CARVING


A process as old as mankind

Carving is an artistic technique by means of which carved ornaments or reliefs on wooden surfaces are created with the aid of various types of chisels. Master carver Bruno Barbon carves figures and ornamentation for period furniture and also frames, plaques and statues, such as the famous moretti veneziani (Venetian moors). This art is based on design, craftsman’s skill and good taste: the works are carved by hand and this guarantees their uniqueness.

 

The phases of the process


Selecting the wood. The first phase in the process consists in selecting the most suitable wood. The block must be well seasoned, have few knots and be intact and compact. One of the most commonly used woods for carving is Swiss pine: also known as the Swiss stone pine, Arolla pine or Pinus cembra, it is an evergreen tree with needle-like leaves of the Pinus genus, which occurs in the Alps. It is soft to work with and aromatic, with workable knots and clear grain.

Design study. Before taking up the chisels and gouges, the subject is decided on and the design is defined, tracing the guidelines on paper and transferring them to the piece to be carved: they will serve as a reference for the rough shaping.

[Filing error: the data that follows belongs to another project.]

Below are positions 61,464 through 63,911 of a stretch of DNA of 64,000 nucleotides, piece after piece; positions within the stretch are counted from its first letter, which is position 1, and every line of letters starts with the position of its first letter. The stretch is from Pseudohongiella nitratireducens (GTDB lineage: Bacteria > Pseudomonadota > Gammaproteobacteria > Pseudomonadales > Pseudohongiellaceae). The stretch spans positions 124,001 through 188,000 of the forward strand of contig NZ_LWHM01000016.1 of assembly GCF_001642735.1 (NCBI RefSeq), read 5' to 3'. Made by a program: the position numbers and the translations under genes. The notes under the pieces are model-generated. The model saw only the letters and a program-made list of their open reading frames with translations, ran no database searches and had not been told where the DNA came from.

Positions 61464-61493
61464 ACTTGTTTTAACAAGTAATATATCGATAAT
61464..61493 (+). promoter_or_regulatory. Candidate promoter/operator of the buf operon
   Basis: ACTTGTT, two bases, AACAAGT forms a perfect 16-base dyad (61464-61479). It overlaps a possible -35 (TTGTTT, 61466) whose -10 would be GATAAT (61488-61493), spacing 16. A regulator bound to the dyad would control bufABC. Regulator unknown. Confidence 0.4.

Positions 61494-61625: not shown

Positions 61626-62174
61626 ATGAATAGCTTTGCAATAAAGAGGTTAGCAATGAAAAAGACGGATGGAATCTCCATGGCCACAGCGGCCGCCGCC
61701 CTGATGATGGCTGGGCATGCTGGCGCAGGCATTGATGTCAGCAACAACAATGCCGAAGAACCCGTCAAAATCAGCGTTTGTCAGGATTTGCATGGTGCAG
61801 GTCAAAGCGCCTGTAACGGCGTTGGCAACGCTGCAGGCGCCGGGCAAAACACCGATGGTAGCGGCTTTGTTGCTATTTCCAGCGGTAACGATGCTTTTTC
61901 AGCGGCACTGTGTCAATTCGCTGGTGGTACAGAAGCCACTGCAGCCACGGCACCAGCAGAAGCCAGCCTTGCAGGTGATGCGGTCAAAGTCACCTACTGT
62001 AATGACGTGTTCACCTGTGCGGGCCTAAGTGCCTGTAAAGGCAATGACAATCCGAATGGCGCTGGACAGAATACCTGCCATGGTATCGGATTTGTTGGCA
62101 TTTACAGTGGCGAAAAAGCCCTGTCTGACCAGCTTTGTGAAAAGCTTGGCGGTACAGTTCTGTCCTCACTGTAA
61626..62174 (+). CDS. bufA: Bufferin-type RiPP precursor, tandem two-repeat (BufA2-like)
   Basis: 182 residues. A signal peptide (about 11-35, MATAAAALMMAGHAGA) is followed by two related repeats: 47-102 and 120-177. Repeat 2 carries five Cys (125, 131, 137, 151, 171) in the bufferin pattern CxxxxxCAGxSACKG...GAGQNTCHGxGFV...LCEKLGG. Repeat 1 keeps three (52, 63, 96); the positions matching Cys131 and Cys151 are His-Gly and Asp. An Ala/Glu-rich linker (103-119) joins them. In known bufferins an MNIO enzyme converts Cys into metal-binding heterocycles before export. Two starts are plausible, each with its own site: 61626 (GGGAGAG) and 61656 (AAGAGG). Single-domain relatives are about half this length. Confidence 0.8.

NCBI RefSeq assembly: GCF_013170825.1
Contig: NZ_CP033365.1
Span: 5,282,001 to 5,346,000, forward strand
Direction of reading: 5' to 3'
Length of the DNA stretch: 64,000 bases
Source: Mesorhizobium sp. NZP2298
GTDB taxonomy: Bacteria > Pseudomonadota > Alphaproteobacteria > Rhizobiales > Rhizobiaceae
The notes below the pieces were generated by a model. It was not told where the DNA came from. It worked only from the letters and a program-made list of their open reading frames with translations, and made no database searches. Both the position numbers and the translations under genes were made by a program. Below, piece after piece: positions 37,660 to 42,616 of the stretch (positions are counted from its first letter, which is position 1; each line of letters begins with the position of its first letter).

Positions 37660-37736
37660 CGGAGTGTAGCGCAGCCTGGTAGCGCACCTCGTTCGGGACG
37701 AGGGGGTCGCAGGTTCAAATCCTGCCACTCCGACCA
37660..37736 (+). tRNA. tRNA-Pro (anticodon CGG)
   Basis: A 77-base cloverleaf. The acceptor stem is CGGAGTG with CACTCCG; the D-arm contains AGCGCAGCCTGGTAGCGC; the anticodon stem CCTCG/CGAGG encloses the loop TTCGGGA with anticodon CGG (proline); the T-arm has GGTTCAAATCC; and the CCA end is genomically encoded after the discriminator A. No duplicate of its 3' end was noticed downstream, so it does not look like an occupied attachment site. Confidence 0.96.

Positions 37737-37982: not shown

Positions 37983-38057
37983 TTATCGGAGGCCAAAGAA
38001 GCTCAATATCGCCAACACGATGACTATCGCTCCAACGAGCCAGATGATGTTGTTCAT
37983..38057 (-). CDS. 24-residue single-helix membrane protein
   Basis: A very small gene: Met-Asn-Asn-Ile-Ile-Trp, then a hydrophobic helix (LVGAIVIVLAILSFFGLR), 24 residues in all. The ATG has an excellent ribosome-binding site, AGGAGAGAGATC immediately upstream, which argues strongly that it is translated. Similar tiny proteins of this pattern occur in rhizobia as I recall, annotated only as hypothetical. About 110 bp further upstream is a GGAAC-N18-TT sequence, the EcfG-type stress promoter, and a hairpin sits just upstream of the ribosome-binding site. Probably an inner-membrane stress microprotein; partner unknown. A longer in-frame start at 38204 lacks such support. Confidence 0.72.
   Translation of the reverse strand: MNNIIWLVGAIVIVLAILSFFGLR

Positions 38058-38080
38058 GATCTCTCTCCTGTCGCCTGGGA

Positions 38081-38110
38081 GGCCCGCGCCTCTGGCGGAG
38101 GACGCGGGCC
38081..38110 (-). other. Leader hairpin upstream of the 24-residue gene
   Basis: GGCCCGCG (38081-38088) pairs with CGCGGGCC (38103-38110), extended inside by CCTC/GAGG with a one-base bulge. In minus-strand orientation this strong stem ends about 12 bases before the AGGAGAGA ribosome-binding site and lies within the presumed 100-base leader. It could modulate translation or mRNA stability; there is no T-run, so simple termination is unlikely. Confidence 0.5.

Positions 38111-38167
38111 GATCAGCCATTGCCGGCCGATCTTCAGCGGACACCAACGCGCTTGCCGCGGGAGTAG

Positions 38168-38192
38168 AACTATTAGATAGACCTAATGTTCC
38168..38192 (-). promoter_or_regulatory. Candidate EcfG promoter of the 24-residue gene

Rough shaping. This is the first phase of actual carving and consists in blocking out the design, taking away large quantities of material. This process, which is not very precise and is tiring, used to be assigned to the workshop apprentices. Rough shaping must nevertheless be performed with a great deal of care in order to avoid taking away more wood than necessary. In this phase of the process a mallet is often used, which adds force to the movements of the gouges.

Tools. Chisels and gouges are the fundamental tools of the carver. With their wooden handles they have blades of varying lengths and curves. Given that the cut must be very sharp and precise, they are kept with great care and sharpened continuously.

Sanding. This is a procedure that is not always necessary that aims to eliminate any small imperfections of the chisel work. Dried fish skin is used, usually shark skin, which is preferable to sandpaper because it has the advantage of not leaving glass residue on the wood that would damage the blade of the gouge.

Finishing. Having rough shaped the outline and defined the forms, the details are defined with gouges. As the work is refined, the various levels emerge and the surface becomes more even until achieving the desired finish. The work is ready to be polished, lacquered or gilded.